Amid concern about the Portland area’s growing road congestion, a key committee met Monday to begin putting together a tolling plan for the region.
The Oregon Department of Transportation advisory committee is set to come up with a plan by June for using tolls to help alleviate congestion.
ODOT officials say Interstate 5 now faces about 15 hours of delay on weekdays, while Interstate 205 typically has daily tie-ups for about 10 hours. Mandy Putney, an ODOT major project manager, says congestion is projected to double by 2040.
Sean O’Holleran, a Nike executive who serves on the Oregon Transportation Commission, said this won’t be an easy problem to solve.
“With the investment we have, there is no way we’re going to pay our way out of congestion,” he said after the group’s first meeting. “And we have to look at all the tools available, whether it’s congestion pricing, adding capacity, increasing transit options.”
The advisory committee is supposed to deliver recommendations to the transportation commission by June 2018. The next step is to seek federal approval for a congestion pricing plan by the end of next year.
O’Holleran said that congestion pricing has worked well in the Seattle area and in several other cities around the country. But he said one of the advisory committee’s jobs will be to see if tolling is viable on I-5, I-205 or both in the Portland area.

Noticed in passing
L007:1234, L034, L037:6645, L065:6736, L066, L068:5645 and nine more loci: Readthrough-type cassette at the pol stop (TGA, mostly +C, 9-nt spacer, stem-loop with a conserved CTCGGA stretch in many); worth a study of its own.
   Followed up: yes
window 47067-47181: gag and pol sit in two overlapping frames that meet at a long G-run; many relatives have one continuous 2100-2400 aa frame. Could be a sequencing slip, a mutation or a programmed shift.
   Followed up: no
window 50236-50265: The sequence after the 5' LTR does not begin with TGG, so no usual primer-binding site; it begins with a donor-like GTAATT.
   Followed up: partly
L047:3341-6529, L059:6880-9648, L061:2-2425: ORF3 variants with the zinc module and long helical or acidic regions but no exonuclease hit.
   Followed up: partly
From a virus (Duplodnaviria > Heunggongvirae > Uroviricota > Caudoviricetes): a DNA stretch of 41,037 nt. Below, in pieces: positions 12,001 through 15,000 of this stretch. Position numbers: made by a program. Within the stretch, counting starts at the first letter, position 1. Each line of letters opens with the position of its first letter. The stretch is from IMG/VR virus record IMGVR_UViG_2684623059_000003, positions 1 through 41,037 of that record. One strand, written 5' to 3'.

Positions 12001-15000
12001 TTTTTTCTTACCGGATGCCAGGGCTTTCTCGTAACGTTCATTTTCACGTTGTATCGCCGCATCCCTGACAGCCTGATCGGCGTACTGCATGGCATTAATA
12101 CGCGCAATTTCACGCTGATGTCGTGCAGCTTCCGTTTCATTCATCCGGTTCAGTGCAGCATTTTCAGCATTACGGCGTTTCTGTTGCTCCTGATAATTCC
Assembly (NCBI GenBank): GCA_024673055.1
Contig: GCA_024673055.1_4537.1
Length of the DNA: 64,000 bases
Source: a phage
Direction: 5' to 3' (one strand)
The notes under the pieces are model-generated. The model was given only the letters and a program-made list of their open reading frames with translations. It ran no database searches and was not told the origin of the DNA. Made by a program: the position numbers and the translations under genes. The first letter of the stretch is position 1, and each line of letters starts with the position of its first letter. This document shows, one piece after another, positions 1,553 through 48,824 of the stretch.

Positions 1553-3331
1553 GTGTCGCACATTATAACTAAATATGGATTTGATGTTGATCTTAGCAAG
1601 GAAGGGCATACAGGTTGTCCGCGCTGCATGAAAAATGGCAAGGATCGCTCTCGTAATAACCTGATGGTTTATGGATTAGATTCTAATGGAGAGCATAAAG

There are a number of congestion pricing programs that could be set up under federal rules. Richard “Trey” Baker, a consultant from Austin, Texas, said the tolling programs aren’t always big money-makers. Sometimes, he said, their major role is to encourage people to seek alternatives to driving alone in their vehicle during rush hours.
Phil Ditzler, a regional official for the Federal Highway Administration, talked up the value of congestion pricing as a way to both smooth out demand and raise revenue for additional capacity.
However, it’s clear there are a number of cross-currents. Clackamas County Commissioner Paul Savas said many of his constituents don’t have good alternatives to driving.
“I’m hoping there is more of an emphasis on capacity,” he said, “that we have more of a means of investing in growth in this region.”
Officials from Southwest Washington said they also wanted to make sure their constituents aren’t unfairly hit by fees. Clark County Commissioner Eileen Quiring, one of the three Washingtonians on the advisory committee, said there are about 75,000 people from her county who commute across the Columbia River into Oregon.
At the same time, there are also members of the advisory committee who say they want to make sure low-income commuters are protected. And activists opposed to a major I-5 improvement project in Portland’s Rose Quarter urged the committee to focus on congestion pricing and investments in such things as transit.